Even though Brunson has always reminded me of Jose Trevino in terms of demeanor and toughness, I’m going with 2010 Cruz as the comp. For one, he had a higher OPS that first postseason (1.082 vs. 959), even though he won ALCS MVP during the latter. For another, Cruz went on to draw a PED suspension that might have wrecked the team’s legitimate World Series aspirations in 2013, and he left as a free agent after that season.  And as long as this playoff run is still going, I’m unwilling to think about Brunson bolting for another team.

Do you see Jack Leiter being called up? I would hate [if] he got called up to merely increase ticket sales.Rafael Guevara 

Not in 2022. I was at his start on Saturday, and it was fascinating. His stuff was electric, and his intensity was lovably Scherzer-esque, but he had to deal with double-fisted adversity in his third frame: a strike zone he visibly didn’t care for and a two-out infield error that, instead of ending the inning and certainly promising a fourth, led to three hits, a walk, and a hook.

It was frustrating to watch because I wanted to see another Leiter inning in what was then a scoreless game. But, in the big picture, I’m not so sure the Rangers hated that it happened. It’s certainly something Texas’ most promising pitching prospect in decades (maybe ever) can learn from in an environment where the results don’t really count.

The Rangers have produced very few quality pitchers from their minor league system in the two decades I have been following. The DVD of Danks-Diamond-Volquez was exciting years ago but didn’t pan out. Is this current group of young pitchers the most exciting group since you have been covering the team?David Houten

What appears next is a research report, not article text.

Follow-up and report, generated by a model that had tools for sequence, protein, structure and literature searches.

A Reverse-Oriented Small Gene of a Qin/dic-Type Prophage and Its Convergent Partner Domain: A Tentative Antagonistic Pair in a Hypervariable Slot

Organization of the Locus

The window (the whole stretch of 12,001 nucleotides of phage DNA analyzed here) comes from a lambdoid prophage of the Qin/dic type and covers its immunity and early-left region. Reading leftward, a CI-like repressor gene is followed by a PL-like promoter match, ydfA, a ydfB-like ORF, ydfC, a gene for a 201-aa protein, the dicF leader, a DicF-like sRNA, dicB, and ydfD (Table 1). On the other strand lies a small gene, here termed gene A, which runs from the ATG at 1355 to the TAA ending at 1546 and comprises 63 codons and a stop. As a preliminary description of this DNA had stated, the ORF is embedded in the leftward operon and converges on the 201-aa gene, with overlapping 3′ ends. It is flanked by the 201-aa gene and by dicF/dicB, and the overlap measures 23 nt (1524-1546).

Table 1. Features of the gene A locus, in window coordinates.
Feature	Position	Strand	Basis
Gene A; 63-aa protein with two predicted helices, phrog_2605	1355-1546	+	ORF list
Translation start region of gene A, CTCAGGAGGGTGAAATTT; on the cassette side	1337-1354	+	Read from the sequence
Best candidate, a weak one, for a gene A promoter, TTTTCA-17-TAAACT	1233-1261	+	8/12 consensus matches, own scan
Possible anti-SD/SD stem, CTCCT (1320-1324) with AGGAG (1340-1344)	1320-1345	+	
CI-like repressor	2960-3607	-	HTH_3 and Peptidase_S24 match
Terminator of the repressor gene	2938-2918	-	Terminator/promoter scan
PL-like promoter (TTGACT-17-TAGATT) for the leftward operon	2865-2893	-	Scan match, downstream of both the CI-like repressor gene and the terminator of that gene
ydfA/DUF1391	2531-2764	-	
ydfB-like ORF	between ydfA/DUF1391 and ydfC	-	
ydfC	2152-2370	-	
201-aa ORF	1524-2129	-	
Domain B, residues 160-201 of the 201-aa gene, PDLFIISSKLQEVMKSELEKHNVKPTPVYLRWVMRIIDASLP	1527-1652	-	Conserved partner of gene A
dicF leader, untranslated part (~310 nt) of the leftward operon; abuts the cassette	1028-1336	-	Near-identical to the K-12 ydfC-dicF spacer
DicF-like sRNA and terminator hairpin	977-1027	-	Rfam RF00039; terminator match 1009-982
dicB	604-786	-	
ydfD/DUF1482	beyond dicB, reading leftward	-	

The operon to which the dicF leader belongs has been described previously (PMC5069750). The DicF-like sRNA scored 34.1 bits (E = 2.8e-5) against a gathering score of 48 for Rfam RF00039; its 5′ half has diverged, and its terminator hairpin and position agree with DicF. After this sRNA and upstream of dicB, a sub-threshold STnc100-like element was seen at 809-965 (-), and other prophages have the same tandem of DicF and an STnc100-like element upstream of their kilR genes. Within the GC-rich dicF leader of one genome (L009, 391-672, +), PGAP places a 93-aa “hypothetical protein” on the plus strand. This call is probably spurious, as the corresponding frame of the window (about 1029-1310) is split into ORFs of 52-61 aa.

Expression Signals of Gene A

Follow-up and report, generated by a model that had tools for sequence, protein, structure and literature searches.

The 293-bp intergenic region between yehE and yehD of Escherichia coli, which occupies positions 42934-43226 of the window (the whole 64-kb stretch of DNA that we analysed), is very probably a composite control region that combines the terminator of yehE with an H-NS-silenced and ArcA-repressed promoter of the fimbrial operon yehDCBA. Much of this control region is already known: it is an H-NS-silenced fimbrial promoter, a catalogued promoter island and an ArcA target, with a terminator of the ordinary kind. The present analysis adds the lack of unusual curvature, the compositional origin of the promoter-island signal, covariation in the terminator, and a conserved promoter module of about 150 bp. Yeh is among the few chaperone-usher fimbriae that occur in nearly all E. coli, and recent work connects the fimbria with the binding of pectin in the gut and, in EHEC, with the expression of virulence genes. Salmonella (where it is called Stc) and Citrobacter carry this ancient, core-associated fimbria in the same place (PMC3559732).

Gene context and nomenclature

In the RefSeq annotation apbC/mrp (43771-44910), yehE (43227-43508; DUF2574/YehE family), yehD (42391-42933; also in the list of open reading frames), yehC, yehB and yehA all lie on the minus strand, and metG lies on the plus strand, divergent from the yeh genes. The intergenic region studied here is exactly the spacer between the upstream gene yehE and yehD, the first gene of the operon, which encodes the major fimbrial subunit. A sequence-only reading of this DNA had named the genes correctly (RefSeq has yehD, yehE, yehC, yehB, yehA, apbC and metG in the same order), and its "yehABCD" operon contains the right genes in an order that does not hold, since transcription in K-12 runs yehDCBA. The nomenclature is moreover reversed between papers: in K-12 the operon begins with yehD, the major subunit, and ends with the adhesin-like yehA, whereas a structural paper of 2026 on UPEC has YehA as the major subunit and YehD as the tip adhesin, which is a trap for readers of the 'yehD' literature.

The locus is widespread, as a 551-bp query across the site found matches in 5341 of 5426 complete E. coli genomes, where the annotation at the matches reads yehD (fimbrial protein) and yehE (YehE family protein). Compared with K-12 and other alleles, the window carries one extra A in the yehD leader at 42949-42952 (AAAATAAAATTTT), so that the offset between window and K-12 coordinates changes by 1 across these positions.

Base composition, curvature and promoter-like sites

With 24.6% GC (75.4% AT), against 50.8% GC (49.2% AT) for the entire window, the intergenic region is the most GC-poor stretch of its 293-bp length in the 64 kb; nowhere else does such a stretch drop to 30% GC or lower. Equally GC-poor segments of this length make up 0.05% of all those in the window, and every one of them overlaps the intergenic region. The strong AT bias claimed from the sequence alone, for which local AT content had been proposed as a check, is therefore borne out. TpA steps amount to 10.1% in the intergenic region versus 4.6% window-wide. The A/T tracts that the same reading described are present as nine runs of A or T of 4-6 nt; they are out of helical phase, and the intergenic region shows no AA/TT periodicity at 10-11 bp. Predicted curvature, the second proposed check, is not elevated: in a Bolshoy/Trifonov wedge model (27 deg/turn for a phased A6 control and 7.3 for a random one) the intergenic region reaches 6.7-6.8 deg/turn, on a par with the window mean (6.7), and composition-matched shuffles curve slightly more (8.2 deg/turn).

If we’re using the top three as the barometer, the trio of Leiter, Winn, and White is certainly thought more highly of outside this market. A few years back, I had Winn, Hans Crouse, and Ricky Vanasco as the club’s top three pitching prospects. Leiter is a clear upgrade in excitement (your term) over Crouse, Vanasco is still around, and even Winn is generating more love now than he did then. There were varying levels of hope during the years when Joe Palumbo, Cole Ragans, Ariel Jurado, Yohander Mendez, and Chi Chi Gonzalez sat at or near the top of the Rangers’ top young arms. But it’s nothing like what Leiter, Winn, and White generate now. 

Although the same could be said of what Danks, Diamond, and Volquez did back in 2005 and 2006. The difference is there was precious little to get excited about beyond DVD. Eric Hurley came closest, and I’m not sure where he would have fit in the second-tier group that now includes pitchers like Vanasco, Glenn Otto, A.J. Alexy, Tekoah Roby, Zak Kent, and Cody Bradford, to name half a dozen. The DVD trio is Exhibit A for the pitfalls of assuming top pitching prospects develop into top major-league pitchers. The key is depth, and the Rangers are now in much better shape behind what most consider their top trio than they were back then.